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Hero airman from RAF Lakenheath honoured for saving three men after a Greek F-16 jet crashed at a Spanish airbase

PUBLISHED: 12:44 13 March 2015 | UPDATED: 12:45 13 March 2015

Smoke rises from a military base after a plane crash in Albacete, Spain, Monday, Jan. 26, 2015. A Greek F-16 fighter jet crashed into other planes on the ground during NATO training in southeastern Spain Monday, killing at least 10 people, Spain's Defense Ministry said. Another 13 people were injured in the incident at the Los Llanos base, which sent flames and a plume of black smoke billowing into the air, a Defense Ministry official said. (AP Photo/Josema Moreno)

Smoke rises from a military base after a plane crash in Albacete, Spain, Monday, Jan. 26, 2015. A Greek F-16 fighter jet crashed into other planes on the ground during NATO training in southeastern Spain Monday, killing at least 10 people, Spain's Defense Ministry said. Another 13 people were injured in the incident at the Los Llanos base, which sent flames and a plume of black smoke billowing into the air, a Defense Ministry official said. (AP Photo/Josema Moreno)

The valour and courage of a hero airman, who risked his own life to save three others after a jet crash in Spain, will be honoured today.

RAF Lakenheath’s Staff Sergeant Gregory Swarz pulled three French airmen from the burning wreckage of a Greek F-16 jet on January 26 this year.

The maintenance airman from the US Air Force’s 48th Fighter Wing rushed to the aid of his French counterparts in the moments after the tragic crash that killed 10 people at Los Llanos Airbase.

He told The EADT: “I was pretty scared but I thought it was the right thing to do.

“I was behind an airplane working and I just heard a small bang, I came round my airplane and saw the fire.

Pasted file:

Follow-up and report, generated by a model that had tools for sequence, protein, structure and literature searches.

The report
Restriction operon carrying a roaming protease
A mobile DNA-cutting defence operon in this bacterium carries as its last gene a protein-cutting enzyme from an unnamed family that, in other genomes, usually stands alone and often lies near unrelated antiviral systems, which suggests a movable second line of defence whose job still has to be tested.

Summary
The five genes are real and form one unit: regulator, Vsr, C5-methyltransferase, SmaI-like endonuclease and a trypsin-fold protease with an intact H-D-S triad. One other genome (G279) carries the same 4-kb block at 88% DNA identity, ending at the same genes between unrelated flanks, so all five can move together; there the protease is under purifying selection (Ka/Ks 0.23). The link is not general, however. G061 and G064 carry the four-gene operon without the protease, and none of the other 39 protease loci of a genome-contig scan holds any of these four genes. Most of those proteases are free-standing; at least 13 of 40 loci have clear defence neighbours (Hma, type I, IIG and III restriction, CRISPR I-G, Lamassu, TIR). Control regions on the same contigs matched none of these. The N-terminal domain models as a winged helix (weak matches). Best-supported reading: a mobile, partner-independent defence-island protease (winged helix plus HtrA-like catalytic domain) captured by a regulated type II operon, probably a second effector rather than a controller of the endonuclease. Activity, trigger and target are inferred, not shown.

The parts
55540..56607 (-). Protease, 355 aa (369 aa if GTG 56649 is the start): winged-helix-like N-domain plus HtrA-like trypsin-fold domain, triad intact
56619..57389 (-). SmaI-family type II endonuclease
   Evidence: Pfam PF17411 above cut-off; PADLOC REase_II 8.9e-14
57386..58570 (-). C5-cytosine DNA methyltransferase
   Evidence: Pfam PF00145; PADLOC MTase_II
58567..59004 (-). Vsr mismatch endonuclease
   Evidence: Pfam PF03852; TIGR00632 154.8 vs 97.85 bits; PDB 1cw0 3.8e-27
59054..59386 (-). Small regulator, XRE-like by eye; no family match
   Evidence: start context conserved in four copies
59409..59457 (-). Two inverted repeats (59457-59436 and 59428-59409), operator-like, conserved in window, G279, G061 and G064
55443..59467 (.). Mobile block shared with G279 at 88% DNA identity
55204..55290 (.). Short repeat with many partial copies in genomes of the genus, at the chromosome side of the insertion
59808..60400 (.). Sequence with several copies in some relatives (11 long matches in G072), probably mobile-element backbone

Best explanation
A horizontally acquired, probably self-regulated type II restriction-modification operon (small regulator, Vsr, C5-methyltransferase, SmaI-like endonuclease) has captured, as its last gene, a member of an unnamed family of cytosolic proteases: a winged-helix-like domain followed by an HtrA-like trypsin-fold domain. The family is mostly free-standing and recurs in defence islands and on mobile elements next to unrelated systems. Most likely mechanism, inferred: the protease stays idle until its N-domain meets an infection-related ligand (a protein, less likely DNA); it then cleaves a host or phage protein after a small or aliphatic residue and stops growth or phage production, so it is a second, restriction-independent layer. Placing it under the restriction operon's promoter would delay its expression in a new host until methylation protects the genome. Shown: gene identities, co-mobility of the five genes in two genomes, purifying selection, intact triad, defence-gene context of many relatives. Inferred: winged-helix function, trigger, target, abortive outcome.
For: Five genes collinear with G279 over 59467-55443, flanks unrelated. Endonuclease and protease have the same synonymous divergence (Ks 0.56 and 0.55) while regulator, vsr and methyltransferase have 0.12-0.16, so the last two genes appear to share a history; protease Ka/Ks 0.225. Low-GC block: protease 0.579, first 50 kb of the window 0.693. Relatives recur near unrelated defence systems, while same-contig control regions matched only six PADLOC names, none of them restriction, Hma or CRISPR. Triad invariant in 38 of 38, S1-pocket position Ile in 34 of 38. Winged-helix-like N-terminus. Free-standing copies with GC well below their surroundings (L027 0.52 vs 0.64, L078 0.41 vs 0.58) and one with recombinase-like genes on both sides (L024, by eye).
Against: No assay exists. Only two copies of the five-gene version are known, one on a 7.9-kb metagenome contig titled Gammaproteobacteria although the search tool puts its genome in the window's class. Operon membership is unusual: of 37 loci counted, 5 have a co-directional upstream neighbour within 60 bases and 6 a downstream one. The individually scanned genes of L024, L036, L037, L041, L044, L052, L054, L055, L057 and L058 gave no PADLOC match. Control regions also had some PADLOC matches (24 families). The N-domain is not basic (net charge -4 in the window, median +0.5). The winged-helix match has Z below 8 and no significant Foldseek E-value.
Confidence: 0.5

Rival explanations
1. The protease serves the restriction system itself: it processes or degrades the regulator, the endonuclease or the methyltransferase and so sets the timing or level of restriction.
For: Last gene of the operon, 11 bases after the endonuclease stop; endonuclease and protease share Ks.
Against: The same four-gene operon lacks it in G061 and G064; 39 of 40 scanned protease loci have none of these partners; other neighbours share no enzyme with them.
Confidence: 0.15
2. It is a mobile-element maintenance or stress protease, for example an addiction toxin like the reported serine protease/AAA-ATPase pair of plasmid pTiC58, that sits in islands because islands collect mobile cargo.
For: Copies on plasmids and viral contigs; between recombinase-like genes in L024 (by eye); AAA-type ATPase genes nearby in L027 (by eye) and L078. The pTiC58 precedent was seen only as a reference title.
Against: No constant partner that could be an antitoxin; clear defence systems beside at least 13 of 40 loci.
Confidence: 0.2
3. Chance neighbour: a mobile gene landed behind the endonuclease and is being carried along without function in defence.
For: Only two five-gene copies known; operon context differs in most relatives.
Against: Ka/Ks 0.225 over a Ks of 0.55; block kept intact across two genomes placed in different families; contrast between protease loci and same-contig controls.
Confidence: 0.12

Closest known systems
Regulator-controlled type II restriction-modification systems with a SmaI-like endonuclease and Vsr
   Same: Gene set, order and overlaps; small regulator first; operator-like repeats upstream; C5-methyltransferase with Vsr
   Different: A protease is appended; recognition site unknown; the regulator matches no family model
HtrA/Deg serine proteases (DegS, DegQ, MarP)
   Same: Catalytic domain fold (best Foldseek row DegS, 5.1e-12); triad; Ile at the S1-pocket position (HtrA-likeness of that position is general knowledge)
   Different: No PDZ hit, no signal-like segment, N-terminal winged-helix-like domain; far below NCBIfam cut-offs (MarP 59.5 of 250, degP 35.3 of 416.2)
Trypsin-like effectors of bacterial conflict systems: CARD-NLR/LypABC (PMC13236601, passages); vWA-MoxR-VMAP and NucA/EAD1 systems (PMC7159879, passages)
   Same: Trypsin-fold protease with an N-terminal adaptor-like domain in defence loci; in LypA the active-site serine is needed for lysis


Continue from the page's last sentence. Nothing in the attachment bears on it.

“I ran over there to grab the first person. I put out his fire pretty well and ripped what ever clothing he had off him”

The plane was billowing black smoke and was burning intensely, with Staff Sgt Swarz only able to use his bare hands to put out the flames.

After pulling the first man from the wreckage, the airman of six years rushed back to grab the second man, leaving him with colleagues who were just arriving.

Without any regard for his own burns, and suffering from smoke inhalation, he then returned for the third man.

He said: “I returned for the third person who was an amputee and by the time I had dragged him clear I was exhausted.”

The Sicily born engineer explained that training kicked in, helping him to stop the third man from bleeding to death.

He said: “I made a tourniquet with my belt as he had lost his right arm, a little below the elbow. The tourniquet stopped him from bleeding.”

The brave airman, who has been based at Lakenheath for two years, will be awarded the prestigious Airman’s Medal at the Liberty Wing’s Maintenance Professional of the Year Awards today.

He added: “I am very honoured by the medal.”

He has kept in touch with his three French colleagues, all who are recovering well in a hospital in Paris.

He said: “I keep in touch with the second man, as he has the most free time. I also speak to his wife and they keep me updated.”

The crash happened at a NATO training exercise and killed eight French groundcrew, two Greek pilots and injured dozens more.

The F-16 is believed to have suffered a loss of power shortly after takeoff, careering into several planes on the ground.

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